The Study

The GRACE study aims to investigate the carriage and transfer of resistant bacteria or 'superbugs' in residential aged care.
“Place copy here from Geraint that summarises the study and the importance of its impact in the community.”
Professor Geraint Rogers — Study Lead

Overview

Resistant Bacteria

Antibiotics are our first line of defence against bacterial infections. Like all living things, bacteria evolve to survive. Some bacteria have evolved to resist antibiotics. Antibiotic resistant bacteria, or “superbugs” as they are sometimes known, pose one of the biggest threats to human health worldwide. If the rise and spread of superbugs continue at the current rate, common infections will become untreatable and medical procedures, such as minor surgery, will be unsafe.Experts believe that improving antibiotic prescribing practices and infection prevention and control techniques are critical in reducing the rise and spread of resistant bacteria, but more evidence is needed to best target efforts and resources in different settings.

Residential Aged Care

Residential aged care plays an essential role in caring for older Australians. Aged care facilities support the health care, lifestyle and accommodation needs of older people who are unable to continue living independently in their own homes. While antibiotic resistant bacteria can be found everywhere, they are a concern within residential aged care facilities. Frailty and reduced immunity experienced by older people, coupled with high rates of antibiotic treatment and the potential for transfer between residents, are thought to all contribute to resistant bacteria.

Why is the GRACE study needed?

The Generating evidence on Resistant bacteria in the Aged Care Environment (GRACE) study, aims to investigate the carriage and transfer of resistant bacteria or “superbugs” in residential aged care. The study is led by Professor Geraint Rogers from the South Australian Health and Medical Research Institute. Working in partnership with aged care providers the GRACE study will, for the first time, map the existence and spread of resistant bacteria in aged care. Funded by the National Health & Medical Research Council’s Medical Research Future Fund, this study will produce new evidence to help us to improve facility management, including cleaning and hygiene practices, to prevent the spread of harmful bacteria, and ultimately improve the health of aged care residents and the wider community. The GRACE study has been approved by the Southern Adelaide Clinical Human Research Ethics Committee.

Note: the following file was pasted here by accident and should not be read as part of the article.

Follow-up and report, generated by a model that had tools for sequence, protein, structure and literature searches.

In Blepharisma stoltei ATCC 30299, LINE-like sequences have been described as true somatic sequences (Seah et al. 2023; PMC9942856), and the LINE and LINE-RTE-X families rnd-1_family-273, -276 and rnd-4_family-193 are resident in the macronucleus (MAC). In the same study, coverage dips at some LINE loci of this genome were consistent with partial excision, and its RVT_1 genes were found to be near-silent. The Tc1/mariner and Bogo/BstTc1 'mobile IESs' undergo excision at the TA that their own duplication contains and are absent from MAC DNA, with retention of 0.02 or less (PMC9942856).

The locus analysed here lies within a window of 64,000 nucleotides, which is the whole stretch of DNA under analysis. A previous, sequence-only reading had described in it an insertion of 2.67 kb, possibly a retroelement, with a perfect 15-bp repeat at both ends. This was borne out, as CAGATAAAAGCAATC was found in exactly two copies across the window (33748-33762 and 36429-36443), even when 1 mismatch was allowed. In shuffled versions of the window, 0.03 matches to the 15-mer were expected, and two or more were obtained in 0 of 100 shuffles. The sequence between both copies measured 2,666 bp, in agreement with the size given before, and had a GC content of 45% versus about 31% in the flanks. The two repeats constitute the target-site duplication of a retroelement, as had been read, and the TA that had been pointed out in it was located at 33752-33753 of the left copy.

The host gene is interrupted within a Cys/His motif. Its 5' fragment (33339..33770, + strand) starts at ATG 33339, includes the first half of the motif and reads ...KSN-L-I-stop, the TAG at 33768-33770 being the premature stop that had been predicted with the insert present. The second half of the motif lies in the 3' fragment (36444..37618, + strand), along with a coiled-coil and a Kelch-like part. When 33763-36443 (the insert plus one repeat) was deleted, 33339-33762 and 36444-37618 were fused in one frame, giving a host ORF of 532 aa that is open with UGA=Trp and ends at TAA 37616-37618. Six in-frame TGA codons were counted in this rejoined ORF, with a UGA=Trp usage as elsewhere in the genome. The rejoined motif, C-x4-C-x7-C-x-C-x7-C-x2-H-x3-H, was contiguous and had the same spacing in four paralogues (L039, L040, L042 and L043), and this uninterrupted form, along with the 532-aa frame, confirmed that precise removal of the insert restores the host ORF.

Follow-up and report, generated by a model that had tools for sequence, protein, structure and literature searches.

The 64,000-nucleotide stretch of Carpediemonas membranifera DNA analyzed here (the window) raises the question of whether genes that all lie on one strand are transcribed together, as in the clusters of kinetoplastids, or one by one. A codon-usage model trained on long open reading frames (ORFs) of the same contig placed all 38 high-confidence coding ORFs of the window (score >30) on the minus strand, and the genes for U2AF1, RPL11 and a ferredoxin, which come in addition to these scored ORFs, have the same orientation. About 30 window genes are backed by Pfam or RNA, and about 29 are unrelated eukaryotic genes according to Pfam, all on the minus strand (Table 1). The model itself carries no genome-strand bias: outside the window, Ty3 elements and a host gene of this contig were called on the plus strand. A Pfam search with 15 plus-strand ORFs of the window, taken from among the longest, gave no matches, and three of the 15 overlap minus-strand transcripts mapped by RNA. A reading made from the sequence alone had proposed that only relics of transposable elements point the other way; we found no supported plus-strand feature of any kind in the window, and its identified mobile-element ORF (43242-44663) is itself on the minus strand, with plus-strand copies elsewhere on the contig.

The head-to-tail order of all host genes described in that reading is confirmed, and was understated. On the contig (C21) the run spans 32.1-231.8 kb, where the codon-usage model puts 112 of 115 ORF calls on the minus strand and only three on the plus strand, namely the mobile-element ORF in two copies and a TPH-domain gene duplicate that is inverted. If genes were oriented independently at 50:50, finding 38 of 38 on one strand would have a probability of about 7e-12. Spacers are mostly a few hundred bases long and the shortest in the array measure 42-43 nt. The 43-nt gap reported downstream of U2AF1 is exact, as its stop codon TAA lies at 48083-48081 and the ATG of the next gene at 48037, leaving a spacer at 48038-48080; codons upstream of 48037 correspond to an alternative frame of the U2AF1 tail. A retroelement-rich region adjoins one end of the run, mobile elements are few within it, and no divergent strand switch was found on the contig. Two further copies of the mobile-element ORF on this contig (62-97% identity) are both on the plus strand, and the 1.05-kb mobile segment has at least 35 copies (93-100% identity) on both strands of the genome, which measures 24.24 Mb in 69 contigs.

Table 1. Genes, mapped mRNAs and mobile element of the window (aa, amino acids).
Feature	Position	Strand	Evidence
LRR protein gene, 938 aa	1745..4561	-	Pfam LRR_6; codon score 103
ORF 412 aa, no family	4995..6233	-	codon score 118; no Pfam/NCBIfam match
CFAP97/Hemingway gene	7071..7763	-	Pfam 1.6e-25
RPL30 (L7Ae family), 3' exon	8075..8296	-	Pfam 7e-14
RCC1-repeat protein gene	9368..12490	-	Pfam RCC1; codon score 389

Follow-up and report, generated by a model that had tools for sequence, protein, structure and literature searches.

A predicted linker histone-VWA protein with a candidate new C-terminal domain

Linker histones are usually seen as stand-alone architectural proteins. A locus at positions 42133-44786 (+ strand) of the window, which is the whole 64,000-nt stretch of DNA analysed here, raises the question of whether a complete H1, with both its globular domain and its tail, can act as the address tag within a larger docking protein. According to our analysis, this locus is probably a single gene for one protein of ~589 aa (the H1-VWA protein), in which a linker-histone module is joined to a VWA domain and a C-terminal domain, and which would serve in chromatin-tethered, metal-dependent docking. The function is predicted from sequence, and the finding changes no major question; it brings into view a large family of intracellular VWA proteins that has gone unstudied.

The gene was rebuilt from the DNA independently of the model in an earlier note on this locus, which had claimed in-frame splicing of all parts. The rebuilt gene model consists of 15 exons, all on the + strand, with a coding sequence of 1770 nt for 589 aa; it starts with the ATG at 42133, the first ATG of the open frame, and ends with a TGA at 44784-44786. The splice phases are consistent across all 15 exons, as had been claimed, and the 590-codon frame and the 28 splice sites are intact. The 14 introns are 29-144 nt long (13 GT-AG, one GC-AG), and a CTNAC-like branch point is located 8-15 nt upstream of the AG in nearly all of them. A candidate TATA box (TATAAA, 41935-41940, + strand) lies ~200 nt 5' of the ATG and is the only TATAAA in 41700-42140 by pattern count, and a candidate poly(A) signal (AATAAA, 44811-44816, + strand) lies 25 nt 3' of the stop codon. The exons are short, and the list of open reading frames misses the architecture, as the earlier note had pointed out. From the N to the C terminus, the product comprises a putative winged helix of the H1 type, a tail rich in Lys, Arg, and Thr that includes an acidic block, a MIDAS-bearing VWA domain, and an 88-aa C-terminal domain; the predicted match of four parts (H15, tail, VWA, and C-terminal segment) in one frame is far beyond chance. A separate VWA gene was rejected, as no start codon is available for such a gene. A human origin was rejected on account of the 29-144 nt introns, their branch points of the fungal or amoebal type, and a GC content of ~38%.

• Ageing Population
    By 2031, 21% ofAustralians will be aged over 65 years. Of these, 6% are expected to live inresidential aged care, rising to 30% for individuals over 85 years.
  • Vulnerable to Infections
    Aged care residents are susceptible to infections for a variety of reasons including a weaker immune system, residing in a close living environment and hospitalisations.
  • Over use of Antibiotics
    In 2017 the Aged Care National Antimicrobial Prescribing Survey reported that more than half of antibiotic prescriptions were for residents with no signs and/or symptoms of infection.
  • Evidence of Superbugs
    Infections caused by resistant bacteria in residents of aged care homes is on the rise both in Australia and international.

Aims

The GRACE study will answer four important questions:

  1. What types of resistant bacteria are common within aged care facilities?
  2. How are resistant bacteria spread within aged care facilities?
  3. Do hospital visits influence the risk of carrying resistant bacteria?
  4. Do ageing-associated changes in gut health influence the risks from resistant bacteria?

Participation

In partnership with Eldercare, Life Care, Resthaven and Helping Hand the study will take place across several aged care facilities in South Australia. All people living in these facilities will be invited to participate in the study. People who consent to participate in the GRACE study will be asked for a throat swab and a sample of their stool. This is so we can identify potentially harmful and resistant bacteria that might be harboured in the throat or the gut. The study will also collect information about participants’ medical history and healthcare needs. We will also take environmental swabs from participants’ rooms and common areas around the facility. The purpose of this is so we can identify potential sources and transmission routes of resistant bacteria.

Data Analysis

Analysis of bacterial DNA from all samples collected will be carried out at the SAHMRI Microbiome laboratory at Flinders Medical Centre. Using a new method called metagenomic sequencing, we will be able to determine all bacteria that are present and whether they carry resistance genes. This is a novel approach to investigating resistant bacteria in an aged-care setting, which, combined with participant and environmental data, will allow us to better understand potential causes, sources and transmission routes of resistance.

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